The Western Australian Supreme Court has further reinforced the importance of registering security interests under the Personal Property Securities Act 2009 (Cth) (PPSA). Specifically the Court held that section 588FM of the Corporations Act 2001 (Cth) (Corporations Act) has no application to extend the date for registration of an unperfected security interest to prevent it from vesting under section 267(2) of the PPSA.
NFT Specialized in Tower Cranes LLC (NFT) and Machforce Pty Ltd (Machforce) entered into 6 separate rental agreements between 19 September 2014 and 9 July 2015 for rental by Machforce of tower cranes (and parts) for a minimum period of 12 months (Rental Agreements). In July 2015, Machforce began to default on its rental payments under the Rental Agreements.
NFT brought proceedings in the Western Australian Supreme Court against the liquidators of Machforce after the liquidators determined on 6 April 2016 (then in their capacity as administrators) that the 6 cranes had vested in Machforce immediately before their appointment as administrators on 29 March 2016 (Appointment Date). One of the cranes was subsequently returned to NFT, but title to the other cranes remained contested.
In finding for Machforce, Acting Master Strk found that:
- the Rental Agreements gave rise to security interests as “PPS leases” under section 13(1)(d) of the PPSA on the basis that firstly, they were for a period of up to one year (they were not on their terms expressed to be for a period of more than one year) and had not been effectively terminated on 16 January 2016 (as claimed by NFT); and secondly, Machforce had, with the consent of NFT, retained substantially uninterrupted possession of the cranes for a period of more than one year after the day it first acquired possession of them;
- at all material times up to and including the Appointment Date, NFT was not in possession of the cranes and had not taken any active steps to retake possession (and as such had not perfected its security interests under section 21(a) or (b) of the PPSA). Further, NFT had not registered a financing statement in respect of its security interests before the Appointment Date (in fact, financing statements were not registered until 11 May 2016). As a result, immediately prior to and at the Appointment Date, NFT’s security interest in the cranes under the Rental Agreements remained unperfected; and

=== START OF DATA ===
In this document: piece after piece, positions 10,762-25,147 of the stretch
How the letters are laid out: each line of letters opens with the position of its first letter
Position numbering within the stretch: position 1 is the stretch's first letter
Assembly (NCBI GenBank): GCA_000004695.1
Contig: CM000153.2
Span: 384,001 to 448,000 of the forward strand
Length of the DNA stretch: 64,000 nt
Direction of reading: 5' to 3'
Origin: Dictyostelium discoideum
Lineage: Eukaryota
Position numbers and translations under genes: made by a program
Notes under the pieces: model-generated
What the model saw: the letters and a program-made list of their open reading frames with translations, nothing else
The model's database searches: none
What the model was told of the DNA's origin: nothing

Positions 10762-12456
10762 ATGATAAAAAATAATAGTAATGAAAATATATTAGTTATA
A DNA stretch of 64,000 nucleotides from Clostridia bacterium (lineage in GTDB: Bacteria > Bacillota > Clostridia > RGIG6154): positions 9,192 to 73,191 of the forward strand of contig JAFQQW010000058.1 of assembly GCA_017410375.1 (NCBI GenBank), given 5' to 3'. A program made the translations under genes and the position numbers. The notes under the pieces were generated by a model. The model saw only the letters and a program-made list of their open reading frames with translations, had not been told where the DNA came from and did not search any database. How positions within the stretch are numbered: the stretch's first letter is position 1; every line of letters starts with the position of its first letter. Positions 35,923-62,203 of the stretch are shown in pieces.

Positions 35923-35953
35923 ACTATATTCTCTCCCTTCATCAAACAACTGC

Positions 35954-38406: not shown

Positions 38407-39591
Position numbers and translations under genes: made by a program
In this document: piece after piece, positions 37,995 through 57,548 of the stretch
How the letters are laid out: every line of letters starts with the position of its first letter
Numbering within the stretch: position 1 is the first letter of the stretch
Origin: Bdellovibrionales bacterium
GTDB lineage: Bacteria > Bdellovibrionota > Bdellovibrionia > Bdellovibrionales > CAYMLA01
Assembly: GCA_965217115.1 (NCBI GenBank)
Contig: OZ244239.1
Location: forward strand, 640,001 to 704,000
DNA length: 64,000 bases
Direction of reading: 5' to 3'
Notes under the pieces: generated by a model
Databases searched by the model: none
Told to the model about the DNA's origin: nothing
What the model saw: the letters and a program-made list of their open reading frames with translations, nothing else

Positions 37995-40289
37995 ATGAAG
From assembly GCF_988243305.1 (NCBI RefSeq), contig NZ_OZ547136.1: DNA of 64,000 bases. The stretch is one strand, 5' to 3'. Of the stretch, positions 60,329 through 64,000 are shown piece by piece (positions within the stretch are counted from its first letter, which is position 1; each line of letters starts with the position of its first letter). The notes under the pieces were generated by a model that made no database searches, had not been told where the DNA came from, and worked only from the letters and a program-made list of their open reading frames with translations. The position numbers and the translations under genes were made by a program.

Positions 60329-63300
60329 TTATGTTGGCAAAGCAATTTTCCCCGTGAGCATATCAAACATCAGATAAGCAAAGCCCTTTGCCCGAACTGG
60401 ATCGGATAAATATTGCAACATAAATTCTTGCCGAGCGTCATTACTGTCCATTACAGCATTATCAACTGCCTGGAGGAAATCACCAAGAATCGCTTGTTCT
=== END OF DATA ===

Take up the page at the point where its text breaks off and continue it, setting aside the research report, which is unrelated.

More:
- as NFT’s security interests in the cranes remained unperfected at the Appointment Date, those security interests vested in Machforce pursuant to section 267(2) of the PPSA on and from the Appointment Date.
Acting Master Strk also declined to make an order under section 588FM of the Corporations Act for an extension of the date for registration of NFT’s security interests on the PPSR to 11 May 2016 for the following reasons:
- section 588FM has no application in circumstances where immediately prior to and at the Appointment Date, NFT’s security interests in the cranes under the Rental Agreements remained unperfected. An order under section 588FM affects the date by which a financing statement must be registered to avoid the vesting of the security interest under section 588FL. However the security interests in this case did not vest under section 588FL but instead vested under section 267 of the PPSA;
- section 588FL applies only if the security interest was perfected by registration (and by no other means) ‘at the critical time’ under section 588FM(2)(a) (in this case, the date of appointment of an administrator). The failure to register a financing statement immediately prior to the Appointment Date meant that no security interest was perfected under the PPSA by registration and the section 588FL(2)(a) requirements had not been met;
- and even if it were accepted that an order under section 588FM could be made, in all of the circumstances, such order would not be justified on the basis of inadvertence. On the evidence, NFT knew or ought to have made itself aware, of the requirements of registration and the implications of late registration.